Silk, School & Special Economic Zones: Children’s learning and earning trajectories in Kanchipuram, India
At the turn of the millennium, the global consensus on education was unequivocal: the formal classroom produced both appropriate childhoods as well as appropriate futures – the double-barreled logics of human rights and human capital.
In her talk, Miriam Thangaraj reexamines these logics as they unfolded in the historical weaving center of Kanchipuram in southern India. Drawing on over two years of fieldwork, she follows child apprentices as they were moved off the hand-looms and into classrooms by global “rescue and rehabilitation” projects – but also as they were further dislocated into precarious work: girls into Special Economic Zones where took up contract-work after dropping out with a school-certificate; and boys into the quasi-legal spaces of the local economy, where they “escaped” the classroom for freedom and cash. Foregrounding the voices of children and young people, and drawing on oral histories of Kanchipuram’s weavers, she not only offers a situated critique of the global cultural politics of childhood and the political economy of compulsory education, but also a vernacular understanding of children’s rights and development.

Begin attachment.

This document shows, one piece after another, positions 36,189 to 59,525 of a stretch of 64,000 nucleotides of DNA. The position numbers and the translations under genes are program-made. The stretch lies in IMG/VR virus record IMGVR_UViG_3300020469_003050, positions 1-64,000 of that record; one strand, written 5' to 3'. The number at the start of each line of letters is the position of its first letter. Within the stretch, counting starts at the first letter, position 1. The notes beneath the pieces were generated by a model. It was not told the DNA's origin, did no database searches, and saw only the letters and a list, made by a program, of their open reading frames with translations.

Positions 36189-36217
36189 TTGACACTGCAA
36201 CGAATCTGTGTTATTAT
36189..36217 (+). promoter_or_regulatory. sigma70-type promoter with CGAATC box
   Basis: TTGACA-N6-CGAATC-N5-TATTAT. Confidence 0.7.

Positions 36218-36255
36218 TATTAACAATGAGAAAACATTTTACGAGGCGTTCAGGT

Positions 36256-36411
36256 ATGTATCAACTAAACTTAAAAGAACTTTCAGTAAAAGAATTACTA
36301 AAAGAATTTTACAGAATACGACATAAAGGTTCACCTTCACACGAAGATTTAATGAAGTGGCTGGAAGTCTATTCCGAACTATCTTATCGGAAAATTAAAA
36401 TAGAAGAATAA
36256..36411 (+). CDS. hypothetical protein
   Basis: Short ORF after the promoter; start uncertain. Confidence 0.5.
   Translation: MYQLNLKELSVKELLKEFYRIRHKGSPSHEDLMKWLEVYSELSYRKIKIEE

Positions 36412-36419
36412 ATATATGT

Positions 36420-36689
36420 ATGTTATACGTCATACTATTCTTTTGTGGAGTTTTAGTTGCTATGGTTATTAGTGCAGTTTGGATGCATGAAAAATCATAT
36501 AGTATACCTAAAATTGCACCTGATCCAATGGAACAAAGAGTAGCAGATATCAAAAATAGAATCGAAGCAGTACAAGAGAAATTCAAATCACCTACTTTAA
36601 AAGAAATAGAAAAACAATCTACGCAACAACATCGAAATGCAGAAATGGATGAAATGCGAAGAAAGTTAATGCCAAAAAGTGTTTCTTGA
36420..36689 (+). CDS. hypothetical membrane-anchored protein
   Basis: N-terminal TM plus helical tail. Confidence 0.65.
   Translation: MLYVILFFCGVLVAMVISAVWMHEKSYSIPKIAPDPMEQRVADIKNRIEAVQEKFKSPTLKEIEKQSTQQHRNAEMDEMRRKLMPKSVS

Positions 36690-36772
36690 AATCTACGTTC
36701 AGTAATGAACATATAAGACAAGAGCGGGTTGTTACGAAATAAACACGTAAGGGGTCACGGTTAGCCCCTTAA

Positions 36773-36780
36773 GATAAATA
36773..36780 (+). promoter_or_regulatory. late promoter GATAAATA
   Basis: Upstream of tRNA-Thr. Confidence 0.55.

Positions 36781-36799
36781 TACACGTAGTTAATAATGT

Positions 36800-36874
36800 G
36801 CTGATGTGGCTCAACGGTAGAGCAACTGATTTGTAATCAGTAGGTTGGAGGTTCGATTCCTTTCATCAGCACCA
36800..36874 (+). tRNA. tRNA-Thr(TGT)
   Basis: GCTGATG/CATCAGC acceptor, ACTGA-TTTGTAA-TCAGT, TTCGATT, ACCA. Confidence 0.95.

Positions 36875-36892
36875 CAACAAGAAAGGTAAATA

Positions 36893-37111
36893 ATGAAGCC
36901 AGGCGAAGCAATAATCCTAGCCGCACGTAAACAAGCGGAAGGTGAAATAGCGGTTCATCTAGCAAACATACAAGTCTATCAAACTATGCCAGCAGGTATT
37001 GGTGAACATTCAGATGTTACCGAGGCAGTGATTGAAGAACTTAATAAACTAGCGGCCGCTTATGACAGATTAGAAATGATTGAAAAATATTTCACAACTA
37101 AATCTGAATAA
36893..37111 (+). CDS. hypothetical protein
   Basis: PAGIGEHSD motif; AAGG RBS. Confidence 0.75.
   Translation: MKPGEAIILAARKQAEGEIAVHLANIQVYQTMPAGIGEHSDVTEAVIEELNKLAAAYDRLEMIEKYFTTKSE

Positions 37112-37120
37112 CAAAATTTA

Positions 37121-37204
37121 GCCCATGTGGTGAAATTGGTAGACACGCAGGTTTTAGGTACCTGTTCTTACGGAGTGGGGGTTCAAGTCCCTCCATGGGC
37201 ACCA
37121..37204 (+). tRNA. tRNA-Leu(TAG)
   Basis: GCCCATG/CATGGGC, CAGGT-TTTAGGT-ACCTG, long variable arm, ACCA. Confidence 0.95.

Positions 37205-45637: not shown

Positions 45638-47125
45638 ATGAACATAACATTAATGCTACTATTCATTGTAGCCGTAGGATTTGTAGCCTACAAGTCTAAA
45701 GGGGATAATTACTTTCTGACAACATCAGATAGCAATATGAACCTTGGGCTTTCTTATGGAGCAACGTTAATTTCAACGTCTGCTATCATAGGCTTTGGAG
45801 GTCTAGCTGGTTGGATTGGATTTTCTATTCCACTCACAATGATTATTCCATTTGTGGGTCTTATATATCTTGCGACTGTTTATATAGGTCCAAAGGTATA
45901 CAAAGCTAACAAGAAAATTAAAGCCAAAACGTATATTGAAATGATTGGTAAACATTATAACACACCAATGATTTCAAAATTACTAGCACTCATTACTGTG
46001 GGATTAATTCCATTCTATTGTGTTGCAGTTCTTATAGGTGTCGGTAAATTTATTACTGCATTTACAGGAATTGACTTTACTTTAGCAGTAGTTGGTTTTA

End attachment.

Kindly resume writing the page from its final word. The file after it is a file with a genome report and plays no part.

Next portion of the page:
Miriam Thangaraj has a Ph.D. in Comparative and International Education from the Dept. of Educational Policy Studies at UW-Madison, where she currently lectures. Her work is informed by anthropology and childhood studies; and was supported by the Social Science Research Council, NY, and the National Academy of Education/Spencer Foundation.